Labor Day was celebrated across the country this past Monday, giving many businesses, schools and government offices a day off to relax and celebrate the labor contributions of Americans in countless fields of work.
The holiday has been recognized since 1887, when Oregon declared it a public holiday before the U.S. established it as a federal holiday in 1894. Labor Day is often associated with parades, barbecues and spending time with family and friends in the waning days of summer.
That has not been the case for Bradley, however, as the university continued to hold classes on Labor Day, a practice that has been in place for some time. Meanwhile, those in university offices, such as financial services and the athletic department, were given a three-day weekend.
It’s reasonable to think that Bradley does not give students and faculty the federal holiday off because it is a private institution. However, many other private universities in the Midwest that fit Bradley’s demographic recognize Labor Day, and it is unfair to those at Bradley who have to be in classrooms on the first Monday in September.
Among the dozens of other private universities similar to Bradley that do not hold classes on Labor Day are Butler University, Creighton University, Xavier University, Millikin University and Loyola University Chicago. All of the listed institutions are located in the Midwest and are alike in undergraduate population to Bradley.
Bradley’s practice of holding classes on Labor Day runs deeper than giving the students an extra day off. One day may seem insignificant, but Bradley’s status quo sends a message that the university has chosen to give more work to students and faculty rather than recognize what they are actually doing on Labor Day.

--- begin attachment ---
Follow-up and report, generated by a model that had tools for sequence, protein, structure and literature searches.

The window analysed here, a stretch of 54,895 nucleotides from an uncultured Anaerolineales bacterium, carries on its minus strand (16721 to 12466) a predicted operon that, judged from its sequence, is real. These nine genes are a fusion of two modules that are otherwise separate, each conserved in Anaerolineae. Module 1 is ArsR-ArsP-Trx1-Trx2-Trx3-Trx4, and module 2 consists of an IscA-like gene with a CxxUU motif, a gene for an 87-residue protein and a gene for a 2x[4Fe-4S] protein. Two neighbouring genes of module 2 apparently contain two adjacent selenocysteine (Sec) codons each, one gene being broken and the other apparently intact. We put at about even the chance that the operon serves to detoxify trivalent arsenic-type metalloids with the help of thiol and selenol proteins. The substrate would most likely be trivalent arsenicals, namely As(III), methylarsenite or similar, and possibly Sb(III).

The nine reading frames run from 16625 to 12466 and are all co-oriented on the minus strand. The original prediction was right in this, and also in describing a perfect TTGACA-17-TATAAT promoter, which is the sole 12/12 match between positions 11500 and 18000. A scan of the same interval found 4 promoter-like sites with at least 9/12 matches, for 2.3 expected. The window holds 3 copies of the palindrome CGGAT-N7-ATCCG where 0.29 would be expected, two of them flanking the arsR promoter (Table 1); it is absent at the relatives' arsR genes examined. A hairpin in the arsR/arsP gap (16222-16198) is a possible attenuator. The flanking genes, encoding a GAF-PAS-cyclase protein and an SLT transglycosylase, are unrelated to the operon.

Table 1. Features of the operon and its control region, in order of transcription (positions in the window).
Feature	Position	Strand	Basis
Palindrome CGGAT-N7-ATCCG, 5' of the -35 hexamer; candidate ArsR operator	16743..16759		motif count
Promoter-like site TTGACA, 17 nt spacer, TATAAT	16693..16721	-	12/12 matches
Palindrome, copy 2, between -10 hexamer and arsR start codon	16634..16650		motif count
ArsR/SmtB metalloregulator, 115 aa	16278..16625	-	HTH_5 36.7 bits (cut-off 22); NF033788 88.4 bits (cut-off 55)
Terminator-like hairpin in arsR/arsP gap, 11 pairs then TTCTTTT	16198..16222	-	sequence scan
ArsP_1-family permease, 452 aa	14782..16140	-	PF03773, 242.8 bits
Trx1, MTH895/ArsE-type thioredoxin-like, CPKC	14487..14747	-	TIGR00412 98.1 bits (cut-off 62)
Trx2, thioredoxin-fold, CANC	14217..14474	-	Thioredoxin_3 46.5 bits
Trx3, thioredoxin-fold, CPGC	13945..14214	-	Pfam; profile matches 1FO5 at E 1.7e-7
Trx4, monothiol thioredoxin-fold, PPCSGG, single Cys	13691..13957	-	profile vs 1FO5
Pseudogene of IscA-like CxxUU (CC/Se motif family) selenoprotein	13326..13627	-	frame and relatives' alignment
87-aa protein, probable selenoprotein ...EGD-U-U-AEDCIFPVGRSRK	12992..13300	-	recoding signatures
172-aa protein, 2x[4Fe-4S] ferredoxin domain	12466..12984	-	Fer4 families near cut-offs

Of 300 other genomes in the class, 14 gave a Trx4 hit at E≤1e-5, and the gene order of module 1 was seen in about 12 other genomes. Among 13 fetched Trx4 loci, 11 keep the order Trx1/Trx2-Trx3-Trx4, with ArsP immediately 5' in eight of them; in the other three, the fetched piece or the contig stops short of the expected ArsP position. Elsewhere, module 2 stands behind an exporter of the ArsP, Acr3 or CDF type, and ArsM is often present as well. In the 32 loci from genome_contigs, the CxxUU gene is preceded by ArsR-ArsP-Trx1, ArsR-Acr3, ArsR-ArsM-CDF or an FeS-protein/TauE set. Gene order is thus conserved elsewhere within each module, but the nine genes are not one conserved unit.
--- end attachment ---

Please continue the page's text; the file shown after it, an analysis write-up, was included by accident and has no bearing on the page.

Adding to the issue is that those who in all likelihood chose to uphold Bradley’s tradition of keeping classes in session on Labor Day had the day off themselves. It makes little sense to tell students and faculty that their activities will continue as scheduled on Labor Day while preventing them from engaging with a number of services from the same university at the same time.
Bradley recognizes other federal holidays such as Thanksgiving, Christmas and Indigenous People’s Day (formerly Columbus Day), the latter of which typically falls during Bradley’s fall recess. Six of the 10 federal holidays in the U.S. fall during or in the middle of Bradley’s typical academic year but of those, Labor Day often draws the most celebration.
The United States’ Office of Human Resources Management describes federal holidays on its website as “a welcome break and a chance to celebrate important events”. This, however, is not the case at Bradley on Labor Day.
If the university will not give students and faculty one day off to recognize their efforts in their studies and work while a large portion of the country is enjoying the day free from work and school, it sends a poor message that does not honor the tradition and reason why Labor Day is celebrated in the first place.